Sir Philip Sidney
Sir Philip Sidney Poems
- Leave Me, O Love Which Reaches...
- Astrophel And Stella: I ASTROPHEL AND STELLA: I Loving ...
- My True Love Hath My Heart, An...
- The Bargain MY true love hath my heart, and I have his, ...
- Come Sleep, O Sleep! The Certa...
- Astrophel And Stella: Lxiv No more, my dear, no more ...
- Thou Blind Man's Mark Thou blind man's mark, thou fool's self...
Sir Philip Sidney was born at Penshurst Place, Kent, eldest son of Sir Henry Sidney. He entered Shrewsbury School in 1564 on the same day as Fulke Greville, his friend and biographer. After attending Christ Church, Oxford (1568-72), he travelled in Europe where for three years he perfected his knowledge of Latin, French and Italian. In 1577, aged twenty-two, he was sent as ambassador to the German Emperor and the Prince of Orange.
His strong Protestant sympathies made him advise Elizabeth I in a private letter (1579) against marrying the Duke of Anjou, Roman Catholic heir to the French throne. He was knighted in 1583 and became Member of Parliament for Kent in 1581 and 1584-85. ... more »
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Quotationsmore quotations »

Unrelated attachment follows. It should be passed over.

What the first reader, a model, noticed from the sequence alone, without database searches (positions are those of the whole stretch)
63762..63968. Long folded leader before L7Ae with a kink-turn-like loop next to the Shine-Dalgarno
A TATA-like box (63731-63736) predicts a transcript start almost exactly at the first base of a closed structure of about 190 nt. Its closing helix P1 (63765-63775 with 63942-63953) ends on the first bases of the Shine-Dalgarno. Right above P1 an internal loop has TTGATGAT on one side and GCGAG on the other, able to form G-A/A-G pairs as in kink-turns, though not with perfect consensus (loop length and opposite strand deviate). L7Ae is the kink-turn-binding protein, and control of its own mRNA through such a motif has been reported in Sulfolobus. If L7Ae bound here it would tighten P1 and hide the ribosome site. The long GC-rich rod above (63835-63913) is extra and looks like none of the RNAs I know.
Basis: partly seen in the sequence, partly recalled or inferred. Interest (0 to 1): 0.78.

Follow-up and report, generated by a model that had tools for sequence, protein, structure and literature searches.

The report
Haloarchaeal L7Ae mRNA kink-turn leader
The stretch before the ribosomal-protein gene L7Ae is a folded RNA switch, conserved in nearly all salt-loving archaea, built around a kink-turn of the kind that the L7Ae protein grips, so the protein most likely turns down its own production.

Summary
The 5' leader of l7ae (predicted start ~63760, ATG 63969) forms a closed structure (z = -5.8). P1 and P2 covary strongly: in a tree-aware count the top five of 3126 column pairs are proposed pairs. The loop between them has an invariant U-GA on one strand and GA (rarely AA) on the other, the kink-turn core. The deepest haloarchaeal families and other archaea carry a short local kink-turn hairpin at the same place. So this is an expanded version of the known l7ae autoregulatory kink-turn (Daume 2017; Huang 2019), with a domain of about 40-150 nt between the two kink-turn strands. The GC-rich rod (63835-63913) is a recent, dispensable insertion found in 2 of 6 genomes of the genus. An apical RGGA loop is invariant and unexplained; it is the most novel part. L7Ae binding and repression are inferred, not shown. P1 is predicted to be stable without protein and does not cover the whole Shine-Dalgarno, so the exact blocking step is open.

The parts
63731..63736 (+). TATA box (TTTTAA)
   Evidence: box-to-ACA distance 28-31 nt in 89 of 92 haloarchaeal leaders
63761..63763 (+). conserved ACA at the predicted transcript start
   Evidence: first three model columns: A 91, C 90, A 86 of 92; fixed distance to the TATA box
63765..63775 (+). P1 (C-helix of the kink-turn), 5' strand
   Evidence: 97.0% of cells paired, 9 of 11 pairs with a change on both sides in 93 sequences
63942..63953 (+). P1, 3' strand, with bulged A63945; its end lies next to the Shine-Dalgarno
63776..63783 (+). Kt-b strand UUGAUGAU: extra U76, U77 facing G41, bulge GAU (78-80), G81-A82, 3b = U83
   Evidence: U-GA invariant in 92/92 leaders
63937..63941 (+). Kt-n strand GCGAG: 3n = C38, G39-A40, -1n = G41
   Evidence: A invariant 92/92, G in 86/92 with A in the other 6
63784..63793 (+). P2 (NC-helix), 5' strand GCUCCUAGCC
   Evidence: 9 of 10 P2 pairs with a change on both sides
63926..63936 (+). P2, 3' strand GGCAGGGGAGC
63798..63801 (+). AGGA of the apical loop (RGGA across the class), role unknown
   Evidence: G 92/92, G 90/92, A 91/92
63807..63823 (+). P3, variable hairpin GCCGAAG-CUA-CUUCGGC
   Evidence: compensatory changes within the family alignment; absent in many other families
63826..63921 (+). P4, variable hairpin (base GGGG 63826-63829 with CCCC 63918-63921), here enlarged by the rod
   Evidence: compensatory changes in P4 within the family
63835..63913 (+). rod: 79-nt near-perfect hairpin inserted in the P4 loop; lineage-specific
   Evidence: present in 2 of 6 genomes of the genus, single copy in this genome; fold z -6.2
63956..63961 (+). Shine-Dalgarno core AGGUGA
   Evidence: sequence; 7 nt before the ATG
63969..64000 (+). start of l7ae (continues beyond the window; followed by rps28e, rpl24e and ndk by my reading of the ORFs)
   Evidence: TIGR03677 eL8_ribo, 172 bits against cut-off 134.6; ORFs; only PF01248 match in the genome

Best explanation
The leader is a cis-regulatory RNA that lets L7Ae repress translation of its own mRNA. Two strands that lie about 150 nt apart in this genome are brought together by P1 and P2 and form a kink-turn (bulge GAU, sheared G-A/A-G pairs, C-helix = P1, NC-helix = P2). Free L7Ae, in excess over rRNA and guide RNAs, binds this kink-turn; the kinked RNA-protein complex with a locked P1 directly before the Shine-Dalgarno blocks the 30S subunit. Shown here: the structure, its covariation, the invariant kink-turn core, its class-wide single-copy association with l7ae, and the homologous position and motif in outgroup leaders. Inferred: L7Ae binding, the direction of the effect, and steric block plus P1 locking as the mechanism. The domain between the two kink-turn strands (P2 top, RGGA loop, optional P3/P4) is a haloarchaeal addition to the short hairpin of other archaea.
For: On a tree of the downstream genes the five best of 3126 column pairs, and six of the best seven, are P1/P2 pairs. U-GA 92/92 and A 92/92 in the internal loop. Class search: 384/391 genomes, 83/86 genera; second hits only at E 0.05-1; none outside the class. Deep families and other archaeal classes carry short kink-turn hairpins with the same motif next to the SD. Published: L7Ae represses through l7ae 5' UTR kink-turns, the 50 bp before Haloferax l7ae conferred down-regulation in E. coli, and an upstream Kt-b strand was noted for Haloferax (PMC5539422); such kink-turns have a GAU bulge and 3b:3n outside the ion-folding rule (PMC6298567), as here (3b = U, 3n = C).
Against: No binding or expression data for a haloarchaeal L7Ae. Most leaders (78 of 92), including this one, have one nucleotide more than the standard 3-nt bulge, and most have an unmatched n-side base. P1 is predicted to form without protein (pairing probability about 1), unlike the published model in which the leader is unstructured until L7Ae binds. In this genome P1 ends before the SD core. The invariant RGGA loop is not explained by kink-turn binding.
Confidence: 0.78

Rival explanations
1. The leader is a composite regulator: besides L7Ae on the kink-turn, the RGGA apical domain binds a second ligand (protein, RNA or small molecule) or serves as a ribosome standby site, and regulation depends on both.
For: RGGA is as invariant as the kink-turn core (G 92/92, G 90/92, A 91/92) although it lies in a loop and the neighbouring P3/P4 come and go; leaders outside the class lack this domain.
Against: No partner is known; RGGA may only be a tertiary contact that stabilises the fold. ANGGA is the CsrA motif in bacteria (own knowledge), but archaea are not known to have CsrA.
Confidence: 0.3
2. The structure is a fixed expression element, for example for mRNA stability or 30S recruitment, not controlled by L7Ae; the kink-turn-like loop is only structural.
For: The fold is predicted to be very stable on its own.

''Thy necessity is yet greater than mine.''Sir Philip Sidney (1554-1586), British poet, diplomat, soldier. Quoted in Life of Sir Philip Sidney, ch. 12, Sir Fulke Greville (1652). offering h...
Comments about Sir Philip Sidney
Leave Me, O Love Which Reachest But To Dust
Leave me, O love which reachest but to dust,
And thou, my mind, aspire to higher things;
Grow rich in that which never taketh rust:
Whatever fades but fading pleasure brings.
Draw in thy beams, and humble all thy might
To that sweet yoke where lasting freedoms be,
Which breaks the clouds and opens forth the light
That doth both shine and give us sight to see.
O, take fast hold; let that light be thy guide
In this small course which birth draws out to death,
And think how evil becometh him to slide
Who seeketh heaven, and comes of heavenly breath.